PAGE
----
Equity – a concern or an opportunity
Off late investors are concerned about the basis of continuing the allocation to equity, even for their long term goals like retirement, child education or marriage which are more than ten years away. For the last few years the news headlines speak only about volatility or some new challenges on the economic front like the worsening fiscal deficit, scams involving cabinet ministers, the Euro zone crisis or lately the labour issue at Maruti Suzuki plant at Manesar.
Rightly so, since the performance of equity, as an asset class has gone nowhere for the last four years throwing serious doubts in the minds of investors at large about its ability to deliver returns, with hardly any signs of revival. At the same time other asset classes like fixed income securities (fixed deposits), real estate and gold have either provided stability or have given better returns or both compared to equity.
Come September, and the chain of announcements on the reform front – the raising of foreign direct investments in retail sector, followed by some announcements for the insurance and pension sectors and the introduction of the new Companies Bill. As a result the equities started looking northwards and on the first signs of revival, lot of investors (sitting on the fence) change tracks and switch to avenues like fixed deposits or gold for not being left out of the growth story of gold or into fixed deposits to stay away from volatility.
The comparison between assets happens with respect to returns and the stability factors. To understand more about this we need to understand the behaviour of the assets, one after the other:
Fixed deposit is a certain investment avenue;
- It provides a fixed return,
- Is available for a fixed term and
- Lastly, it provides a fixed amount at maturity.
However one needs to understand that:
- Interest rates are volatile – i.e. interest rates move up or down in line with inflation, which has gone up due to various factors like high food & crude prices, rise in the government borrowings to bridge the deficit figures due to rising subsidies burden etc.
- The real returns – differs since one needs to calculate returns after inflation and taxes? Real returns have been negative for quite sometime now, reducing the purchasing power of the rupee. Eg. The minimum auto fare in Mumbai has increased from rupees twelve to rupees fifteen, a twenty five per cent jump in two years or say twelve percent per annum. Do fixed deposits pay so much?
- The credit risk is very important. Sometimes the greed to earn more interest can come at the cost of the principal amount especially when the bank or company is not in a good shape it tempts investors with higher rate of interest. A good example is Ceat Finance, a Ceat Tyre group company where in deposit holders lost large part of their capital.
Gold for one, a crisis asset has performed extremely well since 2005, with the first signs of the weakness in the US economy, which resulted in some of its largest and oldest financial institutions like Lehman Brothers going burst.
- Gold is a good hedge against inflation and a common currency in extreme situations like war.
- However it does not generate any income like rent, interest or dividend.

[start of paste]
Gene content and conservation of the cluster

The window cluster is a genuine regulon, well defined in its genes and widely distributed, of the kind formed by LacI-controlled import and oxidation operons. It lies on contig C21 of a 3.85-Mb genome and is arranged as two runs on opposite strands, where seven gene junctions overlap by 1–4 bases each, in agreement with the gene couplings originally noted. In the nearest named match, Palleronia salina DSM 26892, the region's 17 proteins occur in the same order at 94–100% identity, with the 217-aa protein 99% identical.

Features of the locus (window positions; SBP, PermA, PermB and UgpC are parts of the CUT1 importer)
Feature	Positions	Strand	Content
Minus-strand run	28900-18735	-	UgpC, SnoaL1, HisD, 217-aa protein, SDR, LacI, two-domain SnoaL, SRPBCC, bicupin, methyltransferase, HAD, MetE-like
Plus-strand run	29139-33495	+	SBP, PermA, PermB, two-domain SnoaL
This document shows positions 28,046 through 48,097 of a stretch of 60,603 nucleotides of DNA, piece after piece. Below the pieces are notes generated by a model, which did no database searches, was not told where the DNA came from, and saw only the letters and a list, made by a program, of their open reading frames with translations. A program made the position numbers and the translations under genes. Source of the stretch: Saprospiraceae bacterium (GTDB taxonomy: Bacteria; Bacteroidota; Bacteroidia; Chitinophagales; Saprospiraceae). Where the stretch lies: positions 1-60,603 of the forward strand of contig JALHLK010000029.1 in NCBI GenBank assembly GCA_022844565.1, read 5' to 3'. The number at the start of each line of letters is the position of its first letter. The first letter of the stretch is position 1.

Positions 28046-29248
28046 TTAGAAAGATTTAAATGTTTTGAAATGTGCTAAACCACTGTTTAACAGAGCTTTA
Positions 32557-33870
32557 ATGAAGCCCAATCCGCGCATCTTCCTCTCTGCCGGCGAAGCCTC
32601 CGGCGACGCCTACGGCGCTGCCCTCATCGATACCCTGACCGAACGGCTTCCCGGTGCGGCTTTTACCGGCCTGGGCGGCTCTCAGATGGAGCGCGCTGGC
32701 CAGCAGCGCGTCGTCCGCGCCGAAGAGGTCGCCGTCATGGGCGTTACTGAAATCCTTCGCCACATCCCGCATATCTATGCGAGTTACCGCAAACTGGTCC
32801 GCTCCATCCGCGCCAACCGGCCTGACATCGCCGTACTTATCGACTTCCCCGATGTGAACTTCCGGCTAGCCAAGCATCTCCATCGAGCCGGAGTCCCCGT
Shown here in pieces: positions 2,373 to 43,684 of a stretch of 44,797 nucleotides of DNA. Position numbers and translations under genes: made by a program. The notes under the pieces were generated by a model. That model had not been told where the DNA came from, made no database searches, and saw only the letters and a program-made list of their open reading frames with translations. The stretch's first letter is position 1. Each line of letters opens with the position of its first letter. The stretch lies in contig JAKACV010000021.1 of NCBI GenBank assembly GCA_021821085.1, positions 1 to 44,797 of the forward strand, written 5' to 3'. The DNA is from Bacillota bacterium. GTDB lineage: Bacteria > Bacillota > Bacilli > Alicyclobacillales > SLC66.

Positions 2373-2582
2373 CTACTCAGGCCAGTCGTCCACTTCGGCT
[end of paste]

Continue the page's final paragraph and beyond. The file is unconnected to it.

- A good crises asset (but hardly sold during a crisis).
On similar lines real estate a growth asset, has been on an upward ride in India, for the last eight years, after losing over fifty percent from its previous peak in mid nineties. Historically it is believed that this asset class has always given great returns, however there are positives and negatives. Just to name a few:
- It is tangible and there is a strong touch and feel factor, possessiveness as opposed to equity investments.
- The commitment is big and most of the times it comes with a standard 15- 20 years baggage of home loans adding pressure during difficult times.
- The cycles continue for longer periods as seen in the fall of mid nineties till 2003 and the rise from 2004 till date.
Equity on the other hand can be a non performer for a long period as is evident for quite sometime now. And that is its strongest selling point today for various reasons like –
- Earnings of many of the blue-chip companies have more than doubled during the last four years.
- Risk of the prices going further down (as per historic data) is low, i.e. it is the cheapest asset today.
- Returns – it being a growth asset, has the ability to generate real returns after considering inflation. BSE index has delivered 17% compounded over 32 years of its existence.
- Investments – smaller amounts compared to the other growth asset like real estate.
- Liquidity –is pretty high since it has an organised market with a wide reach.
- Regulated – one of the most regulated asset class.
- Partnership – it provides the opportunity to invest in businesses run by industry stalwarts like the Tatas, Birlas etc.
- Professional Help – Lastly through Mutual Funds it provides the best of professional support to guide equity investments of the people at large.
To sum up and to re-emphasise that equity as an asset class, has over longer periods delivered inflation proof returns besides all the turmoils, as reflected by the BSE Sensex which was established in 1980 at 100 is today in October 2012 at approx. 18500 or 185 times.
However one can benefit only if one chooses to stick by the investment decision and holds on during bad times.